The United States is unique in taxing long-term non-resident “US Persons” on their worldwide income under the same rules that apply to resident taxpayers. This tax applies to US citizens AND legal permanent residents (greencard holders) until they formally abandon their US status (turning in a green card by submitting Form I-407 or relinquishing US citizenship). Of course, the non-resident US person almost certainly lives in a country with taxes of its own (not always income taxes), and the tax system of the resident country will not tax exactly the same income items as the US does. So, while the US will allow a credit for income taxes paid to the resident country, there are always some gaps or areas of double taxation. This is especially true when it comes to any tax-deferral allowed by the resident country, such as tax-deferred retirement plans. Furthermore, the US tax system is quite xenophobic, treating any non-US managed investment, corporation, or trust as if its main purpose were to avoid US tax.
Information on how US citizenship-based taxation works
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In 2008, the US legislated (as part of the unrelated Heart Act to increase benefits for veterans and survivors of deceased veterans) that an Exit Tax would be applied to qualifying US citizens, termed Covered Expats, who choose to renunciate their US citizenship.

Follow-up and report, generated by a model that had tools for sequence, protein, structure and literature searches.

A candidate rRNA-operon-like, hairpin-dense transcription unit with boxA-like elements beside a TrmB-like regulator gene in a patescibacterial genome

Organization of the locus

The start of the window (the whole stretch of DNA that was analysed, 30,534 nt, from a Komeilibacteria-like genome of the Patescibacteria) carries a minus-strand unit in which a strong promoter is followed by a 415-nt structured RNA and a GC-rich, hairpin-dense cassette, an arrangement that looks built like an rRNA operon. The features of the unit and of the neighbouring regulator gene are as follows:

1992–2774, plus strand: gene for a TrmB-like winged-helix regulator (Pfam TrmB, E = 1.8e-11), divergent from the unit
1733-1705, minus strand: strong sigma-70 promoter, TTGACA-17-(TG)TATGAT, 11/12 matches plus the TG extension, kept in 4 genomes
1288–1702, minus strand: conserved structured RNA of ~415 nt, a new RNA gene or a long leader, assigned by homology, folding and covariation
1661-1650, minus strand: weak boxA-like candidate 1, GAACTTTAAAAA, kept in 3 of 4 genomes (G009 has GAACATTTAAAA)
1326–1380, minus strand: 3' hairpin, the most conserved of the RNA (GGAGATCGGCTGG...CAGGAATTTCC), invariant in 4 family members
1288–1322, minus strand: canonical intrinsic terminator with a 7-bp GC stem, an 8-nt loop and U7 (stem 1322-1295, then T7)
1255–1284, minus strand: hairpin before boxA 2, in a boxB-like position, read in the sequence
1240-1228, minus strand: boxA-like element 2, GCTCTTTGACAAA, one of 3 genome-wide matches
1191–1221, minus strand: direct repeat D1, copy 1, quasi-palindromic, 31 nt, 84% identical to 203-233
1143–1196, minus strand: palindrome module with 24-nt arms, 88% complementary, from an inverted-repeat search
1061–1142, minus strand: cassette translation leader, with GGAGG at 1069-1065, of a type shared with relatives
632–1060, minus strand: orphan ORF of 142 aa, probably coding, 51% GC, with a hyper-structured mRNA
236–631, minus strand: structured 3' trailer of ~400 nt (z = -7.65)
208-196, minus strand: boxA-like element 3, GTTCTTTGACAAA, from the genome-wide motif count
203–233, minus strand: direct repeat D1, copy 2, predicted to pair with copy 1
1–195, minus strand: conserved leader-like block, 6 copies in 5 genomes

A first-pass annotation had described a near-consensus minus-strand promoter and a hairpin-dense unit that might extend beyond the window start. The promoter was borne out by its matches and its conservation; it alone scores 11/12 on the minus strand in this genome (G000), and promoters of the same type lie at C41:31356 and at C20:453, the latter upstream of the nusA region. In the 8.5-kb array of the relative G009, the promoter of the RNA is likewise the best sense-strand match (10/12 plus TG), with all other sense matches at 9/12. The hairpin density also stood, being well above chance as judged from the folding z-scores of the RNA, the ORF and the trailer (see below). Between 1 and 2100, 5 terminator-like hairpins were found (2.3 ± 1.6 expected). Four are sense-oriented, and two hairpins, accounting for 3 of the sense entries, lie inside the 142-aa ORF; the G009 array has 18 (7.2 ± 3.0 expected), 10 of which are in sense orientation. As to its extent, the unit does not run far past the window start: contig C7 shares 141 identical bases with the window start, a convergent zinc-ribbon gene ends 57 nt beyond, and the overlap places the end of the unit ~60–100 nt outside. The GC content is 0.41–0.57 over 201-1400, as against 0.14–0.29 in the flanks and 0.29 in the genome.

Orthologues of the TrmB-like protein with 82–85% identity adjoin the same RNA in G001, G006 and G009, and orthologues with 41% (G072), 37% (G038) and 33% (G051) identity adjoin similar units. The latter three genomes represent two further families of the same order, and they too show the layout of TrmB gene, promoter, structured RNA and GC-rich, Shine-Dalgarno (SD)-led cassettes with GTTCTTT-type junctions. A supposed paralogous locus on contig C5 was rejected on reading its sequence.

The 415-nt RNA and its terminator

The Exit Tax is based on as if you had sold all of your assets the day before expatriation.
Whether you are a deemed a Covered Expat depends on three tests: 1) Average income over the past five years, 2) Net Worth, and 3) Tax filing compliance.
More on the Exit Tax here:
US Reform Proposals
Proposals to fix the US system of Citizenship Based Taxation have been advanced by the overseas arms of both of the major US political parties. Information on those proposals can be found here: